Sun-Compass Orientation in Mediterranean Fish Larvae
|Author(s)||Faillettaz Robin1, Blandin Agathe1, Paris Claire B.2, Koubbi Philippe3, Irisson Jean-Olivier1|
|Affiliation(s)||1 : Univ Paris 06, Sorbonne Univ, INSU, CNRS,Lab Oceanog Villefranche, Villefranche Sur Mer, France.
2 : Univ Miami, Rosenstiel Sch Marine & Atmospher Sci, Ocean Sci, Miami, FL 33149 USA.
3 : Univ Paris 06, Sorbonne Univ, Museum Natl Hist Nat, UMR 7208,BOREA, Paris, France.
|Source||Plos One (1932-6203) (Public Library Science), 2015-08 , Vol. 10 , N. 8 , P. e0135213. (15p.)|
|WOS© Times Cited||17|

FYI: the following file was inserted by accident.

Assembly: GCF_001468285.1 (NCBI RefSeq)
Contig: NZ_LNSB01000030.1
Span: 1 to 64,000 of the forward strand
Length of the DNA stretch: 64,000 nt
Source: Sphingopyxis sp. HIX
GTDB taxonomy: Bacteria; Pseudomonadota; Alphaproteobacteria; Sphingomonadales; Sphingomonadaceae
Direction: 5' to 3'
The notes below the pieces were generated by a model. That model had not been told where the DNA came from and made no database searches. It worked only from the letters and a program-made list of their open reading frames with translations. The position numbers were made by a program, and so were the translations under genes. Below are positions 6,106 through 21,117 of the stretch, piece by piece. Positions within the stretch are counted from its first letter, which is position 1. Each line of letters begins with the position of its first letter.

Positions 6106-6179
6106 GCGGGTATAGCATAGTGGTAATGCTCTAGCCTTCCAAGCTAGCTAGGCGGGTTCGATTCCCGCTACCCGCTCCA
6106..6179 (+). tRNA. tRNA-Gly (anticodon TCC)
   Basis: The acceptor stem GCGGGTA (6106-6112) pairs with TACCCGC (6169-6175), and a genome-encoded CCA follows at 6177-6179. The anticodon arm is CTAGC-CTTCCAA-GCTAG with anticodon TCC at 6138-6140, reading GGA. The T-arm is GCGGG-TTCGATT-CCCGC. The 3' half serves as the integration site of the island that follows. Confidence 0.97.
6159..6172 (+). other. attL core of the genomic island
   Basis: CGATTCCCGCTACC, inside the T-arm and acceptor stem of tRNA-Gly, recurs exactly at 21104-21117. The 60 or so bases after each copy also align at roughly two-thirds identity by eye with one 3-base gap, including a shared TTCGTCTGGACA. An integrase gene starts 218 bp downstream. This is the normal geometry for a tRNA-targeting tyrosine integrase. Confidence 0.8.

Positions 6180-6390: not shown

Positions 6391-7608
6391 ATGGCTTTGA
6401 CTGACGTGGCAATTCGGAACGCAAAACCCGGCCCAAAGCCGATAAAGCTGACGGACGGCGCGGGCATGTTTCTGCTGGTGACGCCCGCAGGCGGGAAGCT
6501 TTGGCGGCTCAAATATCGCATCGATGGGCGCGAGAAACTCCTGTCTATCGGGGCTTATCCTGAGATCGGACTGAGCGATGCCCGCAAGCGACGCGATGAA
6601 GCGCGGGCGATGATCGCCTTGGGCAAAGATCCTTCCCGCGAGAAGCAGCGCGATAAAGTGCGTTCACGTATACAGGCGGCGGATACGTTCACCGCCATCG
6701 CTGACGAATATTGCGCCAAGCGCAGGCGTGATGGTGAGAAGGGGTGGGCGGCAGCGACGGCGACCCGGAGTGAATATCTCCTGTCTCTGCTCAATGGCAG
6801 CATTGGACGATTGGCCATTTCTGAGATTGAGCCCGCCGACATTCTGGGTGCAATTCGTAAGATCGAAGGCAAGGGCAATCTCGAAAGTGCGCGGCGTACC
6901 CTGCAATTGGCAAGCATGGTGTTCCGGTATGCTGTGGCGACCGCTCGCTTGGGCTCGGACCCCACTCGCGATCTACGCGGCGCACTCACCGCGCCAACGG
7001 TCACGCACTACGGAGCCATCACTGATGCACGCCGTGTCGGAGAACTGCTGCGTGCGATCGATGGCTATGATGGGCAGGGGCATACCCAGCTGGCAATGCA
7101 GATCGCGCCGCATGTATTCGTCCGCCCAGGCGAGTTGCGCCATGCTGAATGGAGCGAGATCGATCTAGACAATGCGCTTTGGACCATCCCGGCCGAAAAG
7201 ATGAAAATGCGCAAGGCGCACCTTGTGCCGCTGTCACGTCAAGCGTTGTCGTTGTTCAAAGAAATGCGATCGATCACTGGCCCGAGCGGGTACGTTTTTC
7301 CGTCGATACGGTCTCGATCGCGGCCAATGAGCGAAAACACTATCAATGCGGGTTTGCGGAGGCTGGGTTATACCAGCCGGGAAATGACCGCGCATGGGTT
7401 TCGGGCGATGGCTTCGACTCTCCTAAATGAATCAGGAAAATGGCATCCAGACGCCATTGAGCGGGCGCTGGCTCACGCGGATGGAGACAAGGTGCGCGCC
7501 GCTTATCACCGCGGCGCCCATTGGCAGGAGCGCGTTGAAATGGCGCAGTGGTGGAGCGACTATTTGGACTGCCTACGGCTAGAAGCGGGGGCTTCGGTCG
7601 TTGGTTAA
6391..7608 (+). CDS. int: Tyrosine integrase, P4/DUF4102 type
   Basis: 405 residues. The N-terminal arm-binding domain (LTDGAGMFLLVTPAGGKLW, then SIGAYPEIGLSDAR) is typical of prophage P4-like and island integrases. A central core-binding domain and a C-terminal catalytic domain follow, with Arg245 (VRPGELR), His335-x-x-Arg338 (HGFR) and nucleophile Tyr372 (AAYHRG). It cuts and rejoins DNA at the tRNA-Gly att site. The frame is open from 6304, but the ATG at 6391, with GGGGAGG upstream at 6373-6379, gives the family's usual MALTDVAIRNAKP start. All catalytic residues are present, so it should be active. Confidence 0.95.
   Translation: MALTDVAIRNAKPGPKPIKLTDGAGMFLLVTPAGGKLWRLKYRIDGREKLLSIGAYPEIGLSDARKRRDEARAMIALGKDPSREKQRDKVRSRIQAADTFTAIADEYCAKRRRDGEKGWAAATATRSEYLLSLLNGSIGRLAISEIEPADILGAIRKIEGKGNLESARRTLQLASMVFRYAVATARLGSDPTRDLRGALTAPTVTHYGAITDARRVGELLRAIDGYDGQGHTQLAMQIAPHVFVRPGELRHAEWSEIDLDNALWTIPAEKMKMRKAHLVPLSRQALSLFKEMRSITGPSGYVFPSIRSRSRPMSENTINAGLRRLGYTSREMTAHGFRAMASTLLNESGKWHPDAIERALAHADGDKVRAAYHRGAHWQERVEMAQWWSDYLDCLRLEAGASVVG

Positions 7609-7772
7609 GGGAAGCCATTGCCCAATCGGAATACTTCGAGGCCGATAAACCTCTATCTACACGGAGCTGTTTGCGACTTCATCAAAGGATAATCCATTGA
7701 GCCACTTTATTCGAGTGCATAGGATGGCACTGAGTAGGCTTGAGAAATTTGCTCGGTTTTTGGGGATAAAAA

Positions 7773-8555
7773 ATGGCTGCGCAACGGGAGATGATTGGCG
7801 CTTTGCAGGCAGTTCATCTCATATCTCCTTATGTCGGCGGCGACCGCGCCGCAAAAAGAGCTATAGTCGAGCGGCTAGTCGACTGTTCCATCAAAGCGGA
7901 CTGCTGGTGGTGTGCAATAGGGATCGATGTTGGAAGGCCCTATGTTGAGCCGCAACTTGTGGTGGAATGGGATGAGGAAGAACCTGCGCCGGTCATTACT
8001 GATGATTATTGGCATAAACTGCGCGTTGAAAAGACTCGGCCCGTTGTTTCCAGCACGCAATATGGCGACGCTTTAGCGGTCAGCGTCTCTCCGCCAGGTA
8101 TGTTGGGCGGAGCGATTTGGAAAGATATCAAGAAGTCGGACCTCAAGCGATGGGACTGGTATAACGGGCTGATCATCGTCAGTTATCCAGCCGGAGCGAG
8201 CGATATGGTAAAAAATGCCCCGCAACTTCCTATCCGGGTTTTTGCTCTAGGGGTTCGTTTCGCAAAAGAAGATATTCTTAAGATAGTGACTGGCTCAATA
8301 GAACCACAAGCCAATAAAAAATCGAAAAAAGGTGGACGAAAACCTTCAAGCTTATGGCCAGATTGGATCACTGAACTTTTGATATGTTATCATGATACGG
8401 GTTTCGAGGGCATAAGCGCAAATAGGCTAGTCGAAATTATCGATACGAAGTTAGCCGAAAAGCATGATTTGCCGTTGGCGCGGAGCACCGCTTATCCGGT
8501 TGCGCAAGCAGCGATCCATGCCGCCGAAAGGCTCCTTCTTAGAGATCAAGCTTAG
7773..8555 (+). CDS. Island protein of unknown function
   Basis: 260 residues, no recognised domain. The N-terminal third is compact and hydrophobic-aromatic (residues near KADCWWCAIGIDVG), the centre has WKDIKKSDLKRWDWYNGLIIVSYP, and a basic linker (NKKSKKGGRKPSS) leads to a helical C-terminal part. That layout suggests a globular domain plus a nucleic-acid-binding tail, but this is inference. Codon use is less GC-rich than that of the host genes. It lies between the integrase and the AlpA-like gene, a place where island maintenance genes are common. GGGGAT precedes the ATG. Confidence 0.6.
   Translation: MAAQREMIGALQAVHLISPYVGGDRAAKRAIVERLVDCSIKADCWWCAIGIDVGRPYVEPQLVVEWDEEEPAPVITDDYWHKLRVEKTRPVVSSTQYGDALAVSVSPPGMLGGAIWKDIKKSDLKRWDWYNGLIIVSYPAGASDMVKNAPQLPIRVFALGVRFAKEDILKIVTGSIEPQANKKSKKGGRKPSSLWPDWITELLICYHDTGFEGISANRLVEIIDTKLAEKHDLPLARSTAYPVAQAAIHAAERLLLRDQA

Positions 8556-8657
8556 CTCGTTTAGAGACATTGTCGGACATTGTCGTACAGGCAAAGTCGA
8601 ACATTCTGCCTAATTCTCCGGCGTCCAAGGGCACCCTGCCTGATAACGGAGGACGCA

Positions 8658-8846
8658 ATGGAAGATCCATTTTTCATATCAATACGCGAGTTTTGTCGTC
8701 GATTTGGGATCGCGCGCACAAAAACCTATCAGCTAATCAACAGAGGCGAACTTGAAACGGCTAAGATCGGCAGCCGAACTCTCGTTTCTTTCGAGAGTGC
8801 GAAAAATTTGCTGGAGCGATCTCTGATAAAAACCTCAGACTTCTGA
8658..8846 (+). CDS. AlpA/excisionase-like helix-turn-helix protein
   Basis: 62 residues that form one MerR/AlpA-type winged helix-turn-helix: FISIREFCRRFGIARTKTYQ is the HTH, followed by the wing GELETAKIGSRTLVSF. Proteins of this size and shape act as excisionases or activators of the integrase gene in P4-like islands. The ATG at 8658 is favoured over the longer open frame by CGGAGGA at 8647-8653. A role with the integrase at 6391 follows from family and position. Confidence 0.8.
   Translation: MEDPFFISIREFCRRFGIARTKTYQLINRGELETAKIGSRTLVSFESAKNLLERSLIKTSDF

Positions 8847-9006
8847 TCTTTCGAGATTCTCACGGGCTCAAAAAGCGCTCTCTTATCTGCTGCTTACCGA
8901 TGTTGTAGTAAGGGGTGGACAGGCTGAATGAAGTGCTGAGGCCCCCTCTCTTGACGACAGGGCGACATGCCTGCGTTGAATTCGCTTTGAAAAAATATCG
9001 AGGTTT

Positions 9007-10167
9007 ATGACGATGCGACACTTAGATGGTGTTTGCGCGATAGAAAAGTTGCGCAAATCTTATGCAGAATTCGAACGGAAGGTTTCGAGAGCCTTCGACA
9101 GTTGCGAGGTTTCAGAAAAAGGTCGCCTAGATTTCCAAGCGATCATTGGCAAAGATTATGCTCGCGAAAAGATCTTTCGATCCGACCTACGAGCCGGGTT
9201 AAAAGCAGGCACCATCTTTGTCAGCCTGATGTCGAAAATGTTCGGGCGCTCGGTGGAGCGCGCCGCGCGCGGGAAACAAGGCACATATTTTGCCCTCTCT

Mortality is very high during the pelagic larval phase of fishes but the factors that determine recruitment success remain unclear and hard to predict. Because of their bipartite life history, larvae of coastal species have to head back to the shore at the end of their pelagic episode, to settle. These settlement-stage larvae are known to display strong sensory and motile abilities, but most work has been focused on tropical, insular environments and on the influence of coast-related cues on orientation. In this study we quantified the in situ orientation behavior of settlement- stage larvae in a temperate region, with a continuous coast and a dominant along-shore current, and inspected both coast-dependent and independent cues. We tested six species: one Pomacentridae, Chromis chromis, and five Sparidae, Boops boops, Diplodus annularis, Oblada melanura, Spicara smaris and Spondyliosoma cantharus. Over 85% of larvae were highly capable of keeping a bearing, which is comparable to the orientation abilities of tropical species. Sun-related cues influenced the precision of bearing-keeping at individual level. Three species, out of the four tested in sufficient numbers, oriented significantly relative to the sun position. These are the first in situ observations demonstrating the use of a sun compass for orientation by wild-caught settlement-stage larvae. This mechanism has potential for large-scale orientation of fish larvae globally.